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Typus
Verschleierung
Bearbeiter
Agrippina1, Hindemith
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Untersuchte Arbeit:
Seite: 80, Zeilen: 1-29
Quelle: Xu etal 2004
Seite(n): 3-4, Zeilen: 3:14ff; 4:11-22
There have been some empirical studies that have used SNA methods to analyze criminal or terrorist networks. For instance, based on archival data, Baker and Faulkner analyzed the structure of an illegal network depicting a price-fixing conspiracy in the heavy electrical equipment industry. Their findings supported that individual centrality in the network, as measured by degree, betweenness, and closeness (Freeman, L.C., 1979), was an important forecaster of an individual’s possible prosecution (Baker, W.E. and R.R. Faulkner 1993). Krebs analysed the open source data and studied the terrorist network involved in 9/11 terrorist plot. He found that Mohamed Atta, who piloted the first plane that crashed into the World Trade Center, had the highest degree and acted as the ring leader of the network (Krebs, V., 2002). Xu and Chen employed clustering, centrality measures, block-modeling,and multidimensional scaling (MDS) approaches from SNA to study criminal networks based on crime incident data (Xu, J. & H. Chen, 2003). The system they developed can also visualize a network and its groups.

In the following section we review related SNA research about dynamic network analysis and visualization.

2.13 ANALYZING SOCIAL NETWORK DYNAMICS

Recently, the attention on research on social network dynamics has increased. However, there has not been a consensus on what analytical methods to use (Carley, K.M., et al., 2003; Doreian, P., et al., 1997; Nakao, K. and A.K. Romney, 1993). Research uses various methods, measures, models, and techniques to studynetwork dynamics. Doreian and Stokman classified existing approaches into three categories: descriptive, statistical, andsimulation methods (Doreian, P. and F.N. Stokman, 1997).

There have been some empirical studies that use SNA methods to analyze criminal or terrorist networks. For instance, based on archival data, Baker and Faulkner analyzed the structure of an illegal network depicting a price-fixing conspiracy in the heavy electrical equipment industry. They find that individual centrality in the network, as measured by degree, betweenness, and closeness [EN 17], is an important predictor of an individual’s possible prosecution [EN 1]. Krebs relied on open source data and studied the terrorist network centering around the 19 hijackers in 9/11 events. He found that Mohamed Atta, who piloted the first plane that crashed into the World Trade Center, had the highest degree and acted as the ring leader of the network [EN 23]. Xu and Chen employed clustering, centrality measures, blockmodeling, and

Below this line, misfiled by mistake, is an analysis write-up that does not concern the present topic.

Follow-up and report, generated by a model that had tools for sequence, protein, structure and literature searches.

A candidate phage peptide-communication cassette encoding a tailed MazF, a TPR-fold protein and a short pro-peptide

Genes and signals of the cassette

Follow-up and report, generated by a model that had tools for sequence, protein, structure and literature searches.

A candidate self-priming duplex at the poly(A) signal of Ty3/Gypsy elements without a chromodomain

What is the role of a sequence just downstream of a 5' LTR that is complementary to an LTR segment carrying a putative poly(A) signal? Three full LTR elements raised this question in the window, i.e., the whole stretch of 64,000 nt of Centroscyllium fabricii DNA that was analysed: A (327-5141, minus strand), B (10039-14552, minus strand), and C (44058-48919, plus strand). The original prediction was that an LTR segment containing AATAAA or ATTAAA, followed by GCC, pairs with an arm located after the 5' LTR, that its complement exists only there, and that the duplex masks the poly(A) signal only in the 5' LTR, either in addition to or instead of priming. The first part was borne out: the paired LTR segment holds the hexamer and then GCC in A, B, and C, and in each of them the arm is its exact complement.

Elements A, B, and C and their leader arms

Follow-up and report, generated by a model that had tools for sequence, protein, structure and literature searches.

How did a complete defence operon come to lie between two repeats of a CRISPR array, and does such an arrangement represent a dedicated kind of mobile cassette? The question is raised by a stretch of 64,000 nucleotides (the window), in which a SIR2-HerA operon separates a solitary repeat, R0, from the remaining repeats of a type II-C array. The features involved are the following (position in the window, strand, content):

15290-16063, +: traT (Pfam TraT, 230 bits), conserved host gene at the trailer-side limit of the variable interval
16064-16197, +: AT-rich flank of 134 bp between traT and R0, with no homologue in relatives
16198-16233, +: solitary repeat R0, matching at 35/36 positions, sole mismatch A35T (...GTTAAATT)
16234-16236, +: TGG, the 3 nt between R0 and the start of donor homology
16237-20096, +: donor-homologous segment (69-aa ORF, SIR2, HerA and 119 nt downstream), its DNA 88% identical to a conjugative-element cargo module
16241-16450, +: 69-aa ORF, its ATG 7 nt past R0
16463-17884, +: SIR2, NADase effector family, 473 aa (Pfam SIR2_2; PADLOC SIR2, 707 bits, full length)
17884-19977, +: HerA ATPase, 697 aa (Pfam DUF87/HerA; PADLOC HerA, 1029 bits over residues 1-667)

[P. 4]

multidimensional scaling (MDS) approaches from SNA to study criminal networks based on crime incident data [EN 41]. The system they developed can also visualize a network and its groups.

[...]

3. Literature Review

In this section we review related SNA research about dynamic network analysis and visualization.

3.1 Analyzing social network dynamics

Recently, the research on social network dynamics has received increasing attention. However, there has not been a consensus on what analytical methods to use [EN 4, EN 14, EN 27]. Research uses various methods, measures, models, and techniques to study network dynamics. Doreian and Stokman classified existing approaches into three categories: descriptive, statistical, and simulation methods [EN 15].


[Pp. 27-29]

[EN 1] Baker, W.E. & R.R. Faulkner (1993) The social organization of conspiracy: Illegal networks in the heavy electrical equipment industry. American Sociological Review, 58(12), 837-860.

[EN 4] Carley, K.M., et al. (2003) Destabilizing dynamic covert networks. In Proceedings of the 8th International Command and Control Research and Technology Symposium. Washington DC., VA.

[EN 14] Doreian, P., et al. (1997) A brief history of balance through time, in Evolution of social networks, P. Doreian & F.N. Stokman (eds.). Gordon and Breach: Australia. 129-147.

[EN 15] Doreian, P. & F.N. Stokman (1997) The dynamics and evolution of social networks, in Evolution of social networks, P. Doreian & F.N. Stokman (eds.). Gordon and Breach: Australia. 1-17.

[EN 17] Freeman, L.C. (1979). Centrality in social networks: Conceptual clarification. Social Networks, 1, 215-240.

[EN 23] Krebs, V.E. (2001). Mapping networks of terrorist cells. Connections, 24(3), 43-52.

[EN 27] Nakao, K. & A.K. Romney (1993) Longitudinal approach to subgroup formation: Re-analysis of Newcomb's fraternity data. Social Networks, 15, 109-131.

[EN 41] Xu, J. & H. Chen (2003). Untangling criminal networks: A case study. In Proceedings of NSF/NIJ Symposium on Intelligence and Security Informatics (ISI'03) Tucson, AZ.

Anmerkungen

Source is not given. The text has been copied with only minor adjustments -- also all literature references have been copied.

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(Hindemith), WiseWoman

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